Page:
Pray for Swords to become Plowshares in Sudan
By Craig Cole
December 9, 2010
Vienna, Virginia - One month from today, on Jan. 9, the country of Sudan will vote on a referendum that, if passed, will effectively create two new countries: North Sudan and South Sudan. This referendum is one of the provisions of the 2005 Comprehensive Peace Agreement, which ended Sudan's most recent civil war.
There is deep uncertainty about what will happen if the South votes to separate. Will the war start again after five years of relative peace?
In October, the Archbishop of Sudan, Daniel Deng Bul, and the Archbishop of Canterbury, Dr. Rowan Williams, who is also the patron of Five Talents International, met as part of an advocacy tour to encourage governments to support the peaceful referendum. The archbishops explained that the critical issues related to the referendum include delays in voter registration, tensions in the border regions, and the future for some 4 million refugees from the south who are currently living in the north.
Williams talked about the danger of Sudan "sleepwalking towards disaster ... if action does not continue from the international community."
During this time of Advent and Christmas, as you gather with your families to pray and reflect, include a prayer of petition for Sudan. Episcopal and Anglican leaders around the world have called for intense prayer.
Five Talents is deeply involved in supporting the Episcopal Church of Sudan by assisting both the north and the south to fight poverty and create jobs. Economic development is a tool for sustainability and stability. The Literacy Financial Education Program (LFEP) that began in August is a vital component for the local church and the future of the communities it serves. Five Talents, in partnership with the Mothers' Union International, the Mothers' Union in Sudan, and World Concern, is implementing the LFEP in six dioceses (including Khartoum in the north). This will develop the capacity of the poor to develop reading skills, learn business planning and begin to access financial services using savings and credit groups.
The program is unique because it is primarily run by the Sudanese themselves and in four years is expected to reach 30,000 clients, primarily women, in six dioceses in the Episcopal Church of Sudan. Building indigenous leadership is important for the survival of the program if violence does erupt after the referendum vote. While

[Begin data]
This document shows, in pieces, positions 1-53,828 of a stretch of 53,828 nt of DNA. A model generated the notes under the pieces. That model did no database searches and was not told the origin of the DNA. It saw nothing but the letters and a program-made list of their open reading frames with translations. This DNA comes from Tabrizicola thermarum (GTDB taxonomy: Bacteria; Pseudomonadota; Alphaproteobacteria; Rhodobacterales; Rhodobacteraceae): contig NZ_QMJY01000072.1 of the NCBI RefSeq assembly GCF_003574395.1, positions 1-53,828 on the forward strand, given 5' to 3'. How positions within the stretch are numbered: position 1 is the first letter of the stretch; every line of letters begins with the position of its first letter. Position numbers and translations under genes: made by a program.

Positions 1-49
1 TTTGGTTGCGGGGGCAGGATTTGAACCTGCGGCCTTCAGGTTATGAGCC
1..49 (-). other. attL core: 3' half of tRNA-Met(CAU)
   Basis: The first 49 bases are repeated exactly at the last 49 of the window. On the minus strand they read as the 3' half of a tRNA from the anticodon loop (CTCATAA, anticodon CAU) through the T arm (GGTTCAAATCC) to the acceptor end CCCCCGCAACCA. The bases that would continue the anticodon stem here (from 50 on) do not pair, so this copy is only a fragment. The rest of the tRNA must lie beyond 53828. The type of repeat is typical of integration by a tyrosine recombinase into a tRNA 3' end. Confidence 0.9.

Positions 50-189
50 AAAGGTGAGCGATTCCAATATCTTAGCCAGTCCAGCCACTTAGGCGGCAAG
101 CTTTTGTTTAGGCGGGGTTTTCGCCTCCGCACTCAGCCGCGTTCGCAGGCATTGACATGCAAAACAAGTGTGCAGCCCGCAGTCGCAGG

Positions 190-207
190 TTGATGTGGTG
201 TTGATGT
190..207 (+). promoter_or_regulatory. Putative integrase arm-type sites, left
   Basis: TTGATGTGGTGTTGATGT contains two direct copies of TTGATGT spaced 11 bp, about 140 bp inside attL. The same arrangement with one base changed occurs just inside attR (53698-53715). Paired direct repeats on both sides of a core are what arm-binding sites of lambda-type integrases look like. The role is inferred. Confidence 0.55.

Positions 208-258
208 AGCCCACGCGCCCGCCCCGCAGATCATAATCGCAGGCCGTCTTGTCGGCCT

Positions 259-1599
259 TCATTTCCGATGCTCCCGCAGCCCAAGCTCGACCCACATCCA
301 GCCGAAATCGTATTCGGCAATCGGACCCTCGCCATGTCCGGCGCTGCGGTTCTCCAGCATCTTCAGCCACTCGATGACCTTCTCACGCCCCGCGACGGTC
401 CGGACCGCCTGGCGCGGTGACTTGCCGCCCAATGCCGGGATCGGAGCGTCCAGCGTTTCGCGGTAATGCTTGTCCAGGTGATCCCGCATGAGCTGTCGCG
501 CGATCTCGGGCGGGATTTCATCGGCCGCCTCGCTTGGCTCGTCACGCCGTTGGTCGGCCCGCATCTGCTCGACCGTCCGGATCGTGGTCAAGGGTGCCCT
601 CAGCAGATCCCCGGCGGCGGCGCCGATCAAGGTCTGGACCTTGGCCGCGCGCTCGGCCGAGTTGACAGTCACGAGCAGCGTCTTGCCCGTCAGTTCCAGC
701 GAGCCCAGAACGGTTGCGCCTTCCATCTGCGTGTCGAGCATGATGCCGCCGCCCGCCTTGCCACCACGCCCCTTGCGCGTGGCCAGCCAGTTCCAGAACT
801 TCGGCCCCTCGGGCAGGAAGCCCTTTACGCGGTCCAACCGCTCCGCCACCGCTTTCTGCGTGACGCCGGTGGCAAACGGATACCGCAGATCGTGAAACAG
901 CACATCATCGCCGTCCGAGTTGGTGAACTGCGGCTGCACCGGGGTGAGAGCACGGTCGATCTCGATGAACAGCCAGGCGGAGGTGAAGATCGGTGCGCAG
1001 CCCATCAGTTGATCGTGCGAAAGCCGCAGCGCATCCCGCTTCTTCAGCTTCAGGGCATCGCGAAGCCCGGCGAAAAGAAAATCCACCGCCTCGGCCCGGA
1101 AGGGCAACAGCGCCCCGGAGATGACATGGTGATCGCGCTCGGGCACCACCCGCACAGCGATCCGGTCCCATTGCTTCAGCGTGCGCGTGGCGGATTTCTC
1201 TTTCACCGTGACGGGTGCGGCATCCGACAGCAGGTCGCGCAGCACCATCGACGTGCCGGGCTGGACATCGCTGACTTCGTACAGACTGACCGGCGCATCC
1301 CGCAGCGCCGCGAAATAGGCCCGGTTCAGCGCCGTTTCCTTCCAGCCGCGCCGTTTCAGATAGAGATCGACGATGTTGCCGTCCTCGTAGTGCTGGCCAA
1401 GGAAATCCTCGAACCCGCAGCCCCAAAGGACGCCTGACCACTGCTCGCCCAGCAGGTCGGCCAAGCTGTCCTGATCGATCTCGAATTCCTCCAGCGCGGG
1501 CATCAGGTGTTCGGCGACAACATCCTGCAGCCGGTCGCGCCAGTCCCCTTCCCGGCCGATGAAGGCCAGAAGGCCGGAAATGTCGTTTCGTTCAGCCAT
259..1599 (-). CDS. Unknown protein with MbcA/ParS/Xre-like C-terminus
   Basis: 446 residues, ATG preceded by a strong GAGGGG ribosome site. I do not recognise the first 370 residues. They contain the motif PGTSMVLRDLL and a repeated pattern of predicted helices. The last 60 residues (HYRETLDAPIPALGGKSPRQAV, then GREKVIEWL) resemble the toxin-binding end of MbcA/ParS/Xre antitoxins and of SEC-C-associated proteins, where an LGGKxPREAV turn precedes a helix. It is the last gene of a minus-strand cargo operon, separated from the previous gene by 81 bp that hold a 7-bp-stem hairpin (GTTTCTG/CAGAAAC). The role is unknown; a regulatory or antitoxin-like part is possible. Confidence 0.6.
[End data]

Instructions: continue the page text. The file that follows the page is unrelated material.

other non-Sudan-based organizations may have to pull out their field workers and bring them back to their respective homes, this is not how the LFEP program is structured.
The church and its people will remain and the plan is for the LFEP program to continue. The Episcopal Church of Sudan continued to function courageously during decades of civil war supporting the people who had nowhere to turn and suffered cruelty and death. The church will be there for its people again no matter the outcome of the vote Jan. 9.
Will you stand with me and our brothers and sisters in Christ in the worldwide Anglican Communion and make a commitment to pray each day with your family and friends and work colleagues for this very important vote? Pray for peace and reconciliation and that the love of Christ will shine forth during these precious days ahead. Pray for the leaders of the church and the diplomats who are working tirelessly to ensure a peaceful outcome.
When I was in Wau Diocese in June, I met a group of blacksmiths in the village market. They were making rudimentary farm implements; hoes, pick axes and shovels. We asked them where they got the steel to make the tools. They said the steel came from old tanks, trucks and airplanes that had been used during the war. Immediately, the verse from Isaiah 2:4 came to mind:
"He will judge between the nations and will settle disputes for many peoples. They will beat their swords into plowshares and their spears into pruning hooks. Nation will not take up sword against nation, nor will they train for war anymore."
Pray that the blacksmiths in Wau be an example for the rest of the country and that the passage from Isaiah rings true this Advent and Christmas season here and in Sudan.
----Craig Cole is President and CEO of Five Talents
Established in 1999, Five Talents International has provided funding for business training and thousands of loans, ranging from $50 to $300, in 14 countries across Africa, Asia and Central and South America. A majority of loan recipients are women. Five Talents' ongoing work is supported by a staff based in Vienna, Va., and an office in London. Hundreds of volunteers across the United States and United Kingdom participate in the organization. For more information and to donate, visit www.FiveTalents.org.
For information on changes to VOL comments, please see this FAQ entry.
comments powered by Disqus
Follow VOL on Social Networks: